Self-Exams for Preventive Health
Self-exams should be incorporated into an individual’s lifestyle and looked at as a preventive health practice. Testicular and breast cancer can be caught and diagnosed early when individuals become familiar with the texture and appearance of their bodies, and learn to recognize when a change is occurring.
Self-Exams for Males
Males should stand in front of a mirror that gives them a frontal view of their penis and testicles. They should observe the appearance of their scrotum to see if there is any swelling in the skin. Each testicle should be examined. Examine the testicle by placing the thumb on top of the testicle and the middle and index fingers underneath the testicle. The testicle should then be gently rolled between the fingers and thumb. You should experience no pain.
Next, locate the epididymis. This is the tubelike structure which is behind the testicles. This is where sperm is collected and carried. You should become familiar with the structure of the epididymis so you will not mistake it later for a lump.
If you find a lump, you should tell your doctor. It may just be a free floating lump, which is not cancerous. However, you should be seen by a professional to make sure. You should also schedule an appointment with your doctor if you notice that a testicle is becoming larger or smaller, if you experience pain in the testicles, scrotum, or have a dull ache in the groin area.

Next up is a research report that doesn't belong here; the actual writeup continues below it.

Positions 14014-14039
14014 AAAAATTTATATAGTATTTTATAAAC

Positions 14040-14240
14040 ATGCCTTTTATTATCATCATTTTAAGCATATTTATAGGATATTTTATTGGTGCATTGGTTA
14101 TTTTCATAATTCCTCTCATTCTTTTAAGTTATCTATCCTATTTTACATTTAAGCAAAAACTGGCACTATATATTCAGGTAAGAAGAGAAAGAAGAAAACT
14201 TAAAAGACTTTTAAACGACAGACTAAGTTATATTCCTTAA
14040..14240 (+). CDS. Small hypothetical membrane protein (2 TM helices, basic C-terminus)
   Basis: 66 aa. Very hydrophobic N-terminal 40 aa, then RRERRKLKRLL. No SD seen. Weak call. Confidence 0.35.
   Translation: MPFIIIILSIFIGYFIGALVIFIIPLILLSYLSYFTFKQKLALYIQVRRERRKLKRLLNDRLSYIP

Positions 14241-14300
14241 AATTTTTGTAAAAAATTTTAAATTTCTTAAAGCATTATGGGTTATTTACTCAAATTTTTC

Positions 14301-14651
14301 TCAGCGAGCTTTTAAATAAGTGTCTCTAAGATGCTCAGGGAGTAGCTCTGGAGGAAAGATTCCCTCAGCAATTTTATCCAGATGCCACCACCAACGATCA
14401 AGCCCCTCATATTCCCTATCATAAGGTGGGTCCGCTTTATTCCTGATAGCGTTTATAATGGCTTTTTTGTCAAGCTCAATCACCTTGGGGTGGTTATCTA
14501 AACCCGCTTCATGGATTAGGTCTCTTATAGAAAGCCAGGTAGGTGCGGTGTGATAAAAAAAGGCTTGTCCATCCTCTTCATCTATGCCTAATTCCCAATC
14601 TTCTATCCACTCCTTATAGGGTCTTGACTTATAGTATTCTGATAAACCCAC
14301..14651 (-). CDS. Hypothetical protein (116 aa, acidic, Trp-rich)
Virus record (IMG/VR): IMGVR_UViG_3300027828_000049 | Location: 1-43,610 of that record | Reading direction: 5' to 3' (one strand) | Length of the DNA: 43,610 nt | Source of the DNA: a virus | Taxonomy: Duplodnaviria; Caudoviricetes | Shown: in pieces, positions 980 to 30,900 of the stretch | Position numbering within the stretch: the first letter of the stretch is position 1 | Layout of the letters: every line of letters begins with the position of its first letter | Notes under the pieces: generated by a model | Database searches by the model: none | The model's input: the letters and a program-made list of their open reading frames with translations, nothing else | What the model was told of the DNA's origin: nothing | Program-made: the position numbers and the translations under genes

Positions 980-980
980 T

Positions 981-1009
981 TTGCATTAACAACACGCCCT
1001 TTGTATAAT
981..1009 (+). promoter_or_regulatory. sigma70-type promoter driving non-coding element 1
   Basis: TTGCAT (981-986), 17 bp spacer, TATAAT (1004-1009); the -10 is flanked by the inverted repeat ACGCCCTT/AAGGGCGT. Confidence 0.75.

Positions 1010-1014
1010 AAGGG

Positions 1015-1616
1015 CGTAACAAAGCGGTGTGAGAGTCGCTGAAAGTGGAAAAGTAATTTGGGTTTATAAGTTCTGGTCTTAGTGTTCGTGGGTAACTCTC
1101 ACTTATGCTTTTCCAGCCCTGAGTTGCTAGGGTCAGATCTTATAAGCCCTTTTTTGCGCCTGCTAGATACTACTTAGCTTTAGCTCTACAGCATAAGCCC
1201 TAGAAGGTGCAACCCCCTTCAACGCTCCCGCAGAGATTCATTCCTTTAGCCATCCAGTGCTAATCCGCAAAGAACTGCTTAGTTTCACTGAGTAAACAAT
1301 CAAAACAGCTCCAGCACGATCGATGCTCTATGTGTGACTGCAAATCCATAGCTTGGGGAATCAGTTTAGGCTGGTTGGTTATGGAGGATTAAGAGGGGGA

Self-Exams for Women
Women should also begin their breast self-exam in front of a mirror. They should look to see if their breasts are their usual appearance. You should look to see if there is any puckering, dimpling, swelling, or nipple distortion. This visual exam should be repeated, but with your arms raised above your head. Before you leave the mirror, squeeze the nipples to see if there is a discharge.
Next, recline on a bed or couch. You should decide upon a pattern in which you can examine your breasts. The pattern could be circles starting at the nipples and working out, or starting from the top down. Make sure this exam starts at your collar bone and extends to the top of your abdomen, or rib cage. This exam should also cover your arm pit region to the center breast bone. Your touch should be soft to become familiar with the texture, then stronger to feel the deeper tissues of the breast. This physical exam should be repeated in a seated position.
When doing your breast exam, use the opposite hand of the breast. For instance, when examining the left breast, use your right hand. Your left hand should be extended above your head, and vice-versa.
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